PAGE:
BookLamp and Whichbook: Two Solutions to the Online Book Recommendation Problem

We’ve all had a helpful bookseller recommend a book at some point. They have those freakish encyclopedia brains that remember every book they have on their shelves. The problem is, though, that more and more people are making purchasing decisions online and it is very difficult to replicate the helpful bookseller experience on the web. Online bookstores try with customer reviews and there’s the “people who bought x also bought y” style recommendations, but it doesn’t quite cut it.

Samantha blogged previously about Goodreads buying to make recommendations based on your book preferences and those of your friends. Two other book recommendation engines have come across my radar recently as well: BookLamp and Whichbook. Neither is new, but they’re worthy of a blog post.


“BookLamp is a book recommendation system that uses the full text of a book to match it to other books based on scene-by-scene measurements of elements such as pacing, density, action, dialog, description, perspective, and genre, among others. In other words, is a for books, based on an author’s writing style.” BookLamp FAQ

BookLamp is a database of book content that can then be compared. So, you type in the title of a book you liked and BookLamp will analyse that text and find other similar texts to recommend. You can then vote results up or down and mark results as favourites.

BookLamp analysis

The BookLamp algorithms look at what the team is calling Story DNAthe building blocks of the story that can then be compared to other stories. They further divide Story DNA into Story Setting and Story Actors. For more information on Story DNA, take a look at their post What is a Book Genome, really? What is Story DNA? And why should I care?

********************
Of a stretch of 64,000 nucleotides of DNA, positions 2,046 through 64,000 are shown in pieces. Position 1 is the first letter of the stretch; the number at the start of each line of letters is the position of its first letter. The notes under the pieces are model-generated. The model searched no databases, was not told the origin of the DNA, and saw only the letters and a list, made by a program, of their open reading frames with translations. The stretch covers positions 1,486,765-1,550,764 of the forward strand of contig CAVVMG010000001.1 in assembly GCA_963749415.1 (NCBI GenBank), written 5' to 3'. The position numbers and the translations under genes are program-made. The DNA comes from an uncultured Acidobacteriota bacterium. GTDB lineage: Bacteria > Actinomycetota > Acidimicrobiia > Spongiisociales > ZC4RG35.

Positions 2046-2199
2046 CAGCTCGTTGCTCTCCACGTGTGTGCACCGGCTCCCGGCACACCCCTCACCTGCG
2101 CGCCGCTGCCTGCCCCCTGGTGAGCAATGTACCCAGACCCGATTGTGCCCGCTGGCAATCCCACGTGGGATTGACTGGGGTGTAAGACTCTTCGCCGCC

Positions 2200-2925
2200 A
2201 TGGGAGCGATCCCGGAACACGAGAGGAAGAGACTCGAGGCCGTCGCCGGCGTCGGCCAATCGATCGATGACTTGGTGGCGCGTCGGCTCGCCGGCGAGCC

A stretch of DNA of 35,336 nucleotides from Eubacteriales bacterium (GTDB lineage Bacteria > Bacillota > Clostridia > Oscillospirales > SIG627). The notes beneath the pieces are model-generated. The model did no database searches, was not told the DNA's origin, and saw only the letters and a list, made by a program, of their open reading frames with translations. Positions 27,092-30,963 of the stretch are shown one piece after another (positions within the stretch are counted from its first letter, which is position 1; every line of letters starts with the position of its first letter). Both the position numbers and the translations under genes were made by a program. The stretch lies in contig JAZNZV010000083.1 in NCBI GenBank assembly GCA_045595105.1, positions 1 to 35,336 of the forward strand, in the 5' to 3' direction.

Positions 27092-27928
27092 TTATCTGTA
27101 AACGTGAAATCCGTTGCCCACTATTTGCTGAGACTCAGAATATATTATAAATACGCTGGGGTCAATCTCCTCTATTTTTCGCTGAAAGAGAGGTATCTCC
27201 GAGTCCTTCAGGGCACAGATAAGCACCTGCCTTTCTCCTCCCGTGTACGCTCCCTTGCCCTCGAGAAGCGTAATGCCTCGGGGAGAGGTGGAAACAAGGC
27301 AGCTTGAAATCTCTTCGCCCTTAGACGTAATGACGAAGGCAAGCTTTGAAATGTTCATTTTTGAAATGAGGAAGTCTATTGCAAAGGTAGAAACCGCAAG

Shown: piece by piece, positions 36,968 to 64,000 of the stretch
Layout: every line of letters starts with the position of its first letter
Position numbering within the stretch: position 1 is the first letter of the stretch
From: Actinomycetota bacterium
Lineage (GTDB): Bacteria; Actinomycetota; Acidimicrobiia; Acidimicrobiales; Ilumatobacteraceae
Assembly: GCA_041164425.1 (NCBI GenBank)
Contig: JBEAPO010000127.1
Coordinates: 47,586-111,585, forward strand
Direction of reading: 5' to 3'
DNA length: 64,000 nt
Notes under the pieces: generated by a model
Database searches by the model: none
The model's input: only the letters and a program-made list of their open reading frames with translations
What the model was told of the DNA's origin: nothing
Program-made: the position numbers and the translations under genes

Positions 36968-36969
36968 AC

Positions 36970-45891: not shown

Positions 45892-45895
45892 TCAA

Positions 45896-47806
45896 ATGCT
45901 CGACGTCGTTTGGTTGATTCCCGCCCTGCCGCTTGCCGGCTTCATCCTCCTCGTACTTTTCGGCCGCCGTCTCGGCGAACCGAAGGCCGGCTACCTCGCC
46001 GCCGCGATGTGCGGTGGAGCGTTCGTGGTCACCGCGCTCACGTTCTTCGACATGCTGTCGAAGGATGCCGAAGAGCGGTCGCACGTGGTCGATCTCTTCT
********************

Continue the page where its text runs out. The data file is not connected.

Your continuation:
Answers the following type of question: “I really liked Harry Potter. Do you have something similar to that?”

My thoughts: An e-book retailer should be trying to buy BookLamp really quickly since those retailers already have a database of content and bibliographic data that’s just waiting for a recommendation algorithm like this.


“Every title on whichbook has been read by one of a changing team of 70 people who are drawn from libraries and literature organisations and come together to share training to create the entries. The ratings and comments are created by real readers who care about books.” About Whichbook

Instead of starting with a book or author you already know you like as you do with BookLamp, Whichbook lets you start with ideas about the type of book you want to read. There is a list of 12 binary oppositions with sliders that represent ways you would describe books (like happy/sad, funny/serious, safe/disturbing, etc.). Or, you can browse based on character, plot, and setting elements.


Every book you find in Whichbook has been read by a real human and meticulously tagged. They also make it easy for you to find it in a library via the WorldCat database, or to purchase it via Amazon.

Answers the following type of question: “I’m looking for something funny and unusual. Oh, and it has to be short. What can you recommend?”

My thoughts: This is awesome, but probably not going to really take off because currently only 70 people are working on tagging books at one time. But I do think it could explode if the process was crowd sourced, letting anyone add or edit tags for a book.

Teaming Up

I wish these three distinct recommendation stylespreferences and social recommendations, comparisons, and descriptionswould join forces into one super-powered book recommendation engine.

What do you think? How do you currently find books online? And would you trust a machine to make recommendations for you?